Saatchi says that when Fable’s virtual being is made available next year it will have a personality, a backstory, its own relationships and flaws. Most crucially, it will have an image. You might follow it on Instagram, or team up to play Fortnite together.
Saatchi’s co-founder Pete Billington says it will “recognise and remember us”, but also understand “our behaviours, habits, our fears, even our hopes and dreams.".
If this all sounds preposterous, consider that Lil Miquela, a virtual influencer, has 2m Instagram followers and the company behind it is worth $125m.
Fable is not alone. Start-ups developing virtual beings for customer service, marketing and medical help are being launched with growing regularity, a consequence of vastly improved voice and text detection systems, and computer models that can generate realistic looking synthetic humans.
Samsung, for example, is funding a digital human project called Neon, which plans to create photo-realistic digital humans for use in customer service.
Saatchi’s company is promising something else: companionship. He says Fable’s users will talk to, meditate with or take cooking lessons from their virtual being.
This will require a level of cognitive dissonance from users. Do we actually want to talk to AI, to project emotions to computer software?
The idea might strike some people as some combination of preposterous – why would we talk to machines?; and frightening – what will happen if we do? But it is happening, nonetheless.
Some children growing up with Alexa and Siri interact with them like they would people; many confide in chatbots; deceased family members have been digitally reincarnated by machine-learning algorithms trained on their real-life conversations.
Saatchi says Fable’s virtual being will be more emotionally engaging than most, in part because the people developing it come from Hollywood as much as Silicon Valley.
The company’s co-founder Billington is a former Dreamworks animator, and several of its employees worked for Pixar, which infused emotion into animation in a way other animators have not managed. Last year, a VR film developed by the studio won an Emmy award.
Saatchi says his time at Facebook, where Oculus’ culture clashed with the Silicon Valley techie orthodoxy, demonstrates that it would be difficult for a company like Amazon or Google to develop a virtual being that people actually want to talk to.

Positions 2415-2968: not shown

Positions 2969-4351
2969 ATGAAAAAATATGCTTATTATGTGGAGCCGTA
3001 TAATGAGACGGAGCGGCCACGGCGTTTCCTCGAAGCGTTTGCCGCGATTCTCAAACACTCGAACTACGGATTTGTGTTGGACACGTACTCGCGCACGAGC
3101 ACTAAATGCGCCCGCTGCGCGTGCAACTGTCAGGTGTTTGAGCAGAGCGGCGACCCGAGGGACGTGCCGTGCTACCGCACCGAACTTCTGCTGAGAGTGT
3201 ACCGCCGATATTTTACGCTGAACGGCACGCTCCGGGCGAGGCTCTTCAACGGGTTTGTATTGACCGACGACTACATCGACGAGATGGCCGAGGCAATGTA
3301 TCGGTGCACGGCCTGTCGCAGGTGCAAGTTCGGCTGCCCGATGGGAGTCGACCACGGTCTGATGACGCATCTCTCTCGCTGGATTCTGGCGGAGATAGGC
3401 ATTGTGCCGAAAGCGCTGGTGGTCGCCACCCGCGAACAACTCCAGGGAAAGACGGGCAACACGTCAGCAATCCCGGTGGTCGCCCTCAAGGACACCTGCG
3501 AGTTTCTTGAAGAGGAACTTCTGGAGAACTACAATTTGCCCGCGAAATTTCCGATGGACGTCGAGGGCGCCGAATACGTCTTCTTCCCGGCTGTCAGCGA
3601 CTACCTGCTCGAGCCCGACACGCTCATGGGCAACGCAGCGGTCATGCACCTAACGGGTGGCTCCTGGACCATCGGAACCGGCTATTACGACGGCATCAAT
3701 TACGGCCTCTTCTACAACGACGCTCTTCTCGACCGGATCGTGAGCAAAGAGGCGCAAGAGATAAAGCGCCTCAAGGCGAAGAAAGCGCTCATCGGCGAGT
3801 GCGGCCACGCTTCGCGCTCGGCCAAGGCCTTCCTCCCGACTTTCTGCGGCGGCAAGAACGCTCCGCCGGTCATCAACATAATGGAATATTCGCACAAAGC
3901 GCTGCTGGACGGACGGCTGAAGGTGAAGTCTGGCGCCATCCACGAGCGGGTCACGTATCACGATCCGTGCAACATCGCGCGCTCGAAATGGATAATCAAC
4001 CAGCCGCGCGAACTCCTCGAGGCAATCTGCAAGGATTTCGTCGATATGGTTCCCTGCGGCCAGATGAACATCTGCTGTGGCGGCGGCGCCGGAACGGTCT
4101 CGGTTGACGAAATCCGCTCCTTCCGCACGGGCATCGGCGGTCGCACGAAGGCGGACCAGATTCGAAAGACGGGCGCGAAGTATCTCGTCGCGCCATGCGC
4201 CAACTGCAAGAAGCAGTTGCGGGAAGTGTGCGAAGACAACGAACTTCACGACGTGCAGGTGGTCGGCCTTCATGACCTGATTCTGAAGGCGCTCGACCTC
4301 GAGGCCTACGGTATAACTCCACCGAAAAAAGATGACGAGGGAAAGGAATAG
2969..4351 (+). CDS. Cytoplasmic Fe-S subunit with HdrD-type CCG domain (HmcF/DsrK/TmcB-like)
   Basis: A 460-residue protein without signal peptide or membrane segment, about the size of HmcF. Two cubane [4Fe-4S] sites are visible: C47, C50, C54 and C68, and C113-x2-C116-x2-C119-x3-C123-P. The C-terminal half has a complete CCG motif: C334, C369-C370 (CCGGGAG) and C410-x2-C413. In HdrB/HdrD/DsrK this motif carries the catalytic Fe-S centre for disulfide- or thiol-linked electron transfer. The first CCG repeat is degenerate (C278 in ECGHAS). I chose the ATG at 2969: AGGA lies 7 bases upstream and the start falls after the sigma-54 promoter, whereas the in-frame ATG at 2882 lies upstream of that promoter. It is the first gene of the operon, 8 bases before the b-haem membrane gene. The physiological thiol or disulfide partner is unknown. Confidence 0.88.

“That engineering and data mindset crushes creative people, unfortunately. Any creative person just has to look up and see product and engineering folks, and know that that's where the power resides at those companies. So they can hire as many people as they like, but culturally, they’re throttled.”
Saatchi also says the tech giants, which already know what we buy, where we go and who are friends are, are unlikely to be trusted with our deepest secrets and feelings, which we might impart to a virtual companion.
“It’s an area ripe for misuse. I think the winning company will be the most ethical just because the things that would be learned would be very important.”
To that end, Saatchi is breaking with family tradition, he is swearing off advertising, saying that if people are to have real relationships with software, they can’t have that data used against them.
“It's just asking for ethical problems, it's just a red flag to say you will only succeed as a company if you violate the trust of your users. I love Facebook. But there are trade offs.” Instead, Fable’s users will pay a monthly subscription for access to their virtual being.
The ethical minefields with virtual companions go deeper than that, however. Science fiction is littered with examples of people abandoning human relationships for more convenient digital ones.
In Blade Runner 2049, Joi is the protagonist’s primary relationship, but a programmed, artificial one.
Saatchi says that the research so far on virtual beings suggests they are used to augment, rather than replace human relationships. People will use them as a sounding board for how to deal with family issues, for example.
He adds that Fable is more interested in replacing the hours we spend watching television or playing video games.
“We have to assess any new technology against current technology. Look at what we're actually doing today, and how impersonal and alienating things are. Is there something more enriching about watching TV for three hours a day, or playing murder simulators on our PCs?
"We're replacing something that has a lot of problems and trying to improve it. Don't forget that you spend so many hours a week glued to a piece of glass. We can do a lot better than that.”